As residential development has boomed in many corners of the city and several school districts are bursting at the seams, the city is opening several new schools this year and in the coming years. But finding space for these buildings is rarely easy.
Many end up being built on less-than-desirable parcels, often near heavily trafficked roads, which could potentially expose children and educators to high levels of pollution.
For example, this September, Jackson Heights’ P.S. 398 is welcoming students to a new five-story building for 476 students that is just 200 feet from the Brooklyn Queens Expressway, according to an analysis from home search platform Localize.city. Next September, in Sunset Park, P.S./I.S. 746 is expected to open in September 2020 in the shadow of the BQE, and P.S./I.S. 667, a new 1,000-seat pre-K – eighth grade school in East New York, will open near two high-trafficked corridors and truck routes. In East Elmhurst I.S. 419, a 650-seat middle school, is slated to open for the 2021 school year and sits at an extremely busy corner where Astoria and Ditmars boulevards converge at the entrance to the Grand Central Parkway. A new 180-seat pre-K in Gowanus is set to open in 2021 along the Ninth Street truck route, and in between the heavily trafficked Third and Fourth Avenues.
Pollution levels are generally highest within 500 feet of major roads, warns the U.S. Environmental Protection Agency.
There are 244 public schools within 500 feet of major highways (motorways, trunks and primary roads), according to Localize.city, which shows the pros and cons of every address, including whether a new school is being built near a heavily polluted road or there’s a cluster of neighborhood schools near polluted roadways.
“When parents debate how to rank their child’s pre-K programs or elementary schools, they often pay attention to the quality of the teaching, what kinds of art and enrichment is available and whether there’s a nice outdoor playground,” said Liat Halpern, an urban planner at Localize.city.
“They might not pay attention to hidden hazards of air quality, even though pollution could have a big impact on their children’s ability to learn. After all, kids attend city schools 180 days a year, often running around at recess every day, breathing in the air — and potentially toxic fine particulate matter,” Halpern continued. “We think it’s important for parents to have this kind of information when they’re making decisions about where to live because often their choices are linked to nearby schools.”
In Sunset Park, for instance, 14 schools are located near heavy-traffic roads that potentially expose children to high levels of air pollution. These schools are within 500 feet of main routes like the Brooklyn-Queens Expressway as well as Third and Fourth avenues, 39th and 65th streets. Many of these are noisy truck routes where outdated diesel engines rumble along, spewing particularly noxious fumes.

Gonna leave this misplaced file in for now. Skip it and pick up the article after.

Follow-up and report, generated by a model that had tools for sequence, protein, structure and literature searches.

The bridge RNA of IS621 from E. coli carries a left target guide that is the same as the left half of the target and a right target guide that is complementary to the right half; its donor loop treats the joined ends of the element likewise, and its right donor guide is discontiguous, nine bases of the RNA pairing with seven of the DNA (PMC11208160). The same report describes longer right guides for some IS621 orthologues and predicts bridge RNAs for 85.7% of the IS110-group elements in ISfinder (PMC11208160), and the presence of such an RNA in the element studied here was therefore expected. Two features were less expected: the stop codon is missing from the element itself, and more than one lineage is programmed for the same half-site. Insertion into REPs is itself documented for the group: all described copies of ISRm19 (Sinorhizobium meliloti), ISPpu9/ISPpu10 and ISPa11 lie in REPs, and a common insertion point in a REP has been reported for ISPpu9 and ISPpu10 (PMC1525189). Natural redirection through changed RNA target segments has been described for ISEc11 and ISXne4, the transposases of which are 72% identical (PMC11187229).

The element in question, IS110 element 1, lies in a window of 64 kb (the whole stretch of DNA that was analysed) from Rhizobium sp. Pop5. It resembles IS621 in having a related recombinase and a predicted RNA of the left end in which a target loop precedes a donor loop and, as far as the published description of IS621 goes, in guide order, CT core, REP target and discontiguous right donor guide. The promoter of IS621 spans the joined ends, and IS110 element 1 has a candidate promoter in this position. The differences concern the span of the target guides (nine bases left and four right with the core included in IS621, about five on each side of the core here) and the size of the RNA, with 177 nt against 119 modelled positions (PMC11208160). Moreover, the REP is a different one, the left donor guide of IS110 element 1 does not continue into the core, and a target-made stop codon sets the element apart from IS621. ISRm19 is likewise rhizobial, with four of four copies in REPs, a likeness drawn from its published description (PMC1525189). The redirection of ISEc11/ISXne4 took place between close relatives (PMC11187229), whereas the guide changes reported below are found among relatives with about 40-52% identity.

The EPA found that prolonged exposure to vehicular air pollution is linked to negative health outcomes like impaired lung development in children and increased cancer risk. A recent working paper from the National Bureau of Economic Research suggested that students switching to schools in the same ZIP code with higher levels of traffic pollution tend to see declines in test scores, more behavioral incidents and increased absences.
Some states have taken measures to prevent new schools from being built near heavily polluted roadways. California, for instance, passed a law in 2003 banning elementary and secondary schools from being sited within 500 feet of heavily trafficked freeways. The law, however, misses many kids. It does not include preschools that are not located in public schools or daycare centers — which perhaps serve the most vulnerable kids when it comes to lung development. The law also can’t do much for the state’s existing schools. You can’t simply shut all of the windows and doors since the toxins — fine particulate matter — can still seep through. Now some California schools are getting funding for high-grade air filters.
The EPA recommends reducing traffic-related pollution exposure by upgrading filtration systems in classrooms, which can be more complicated in buildings that don’t central air conditioning systems. School staff should be trained on indoor air quality issues and students should avoid strenuous activities, like phys ed class or sports, during peak traffic times, the agency suggested. It also advised schools to upgrade bus fleets so they can cut cut down on toxic emissions as well as reduce car and bus idling around the school. Schools should also consider installing vegetative barriers, the agency advised.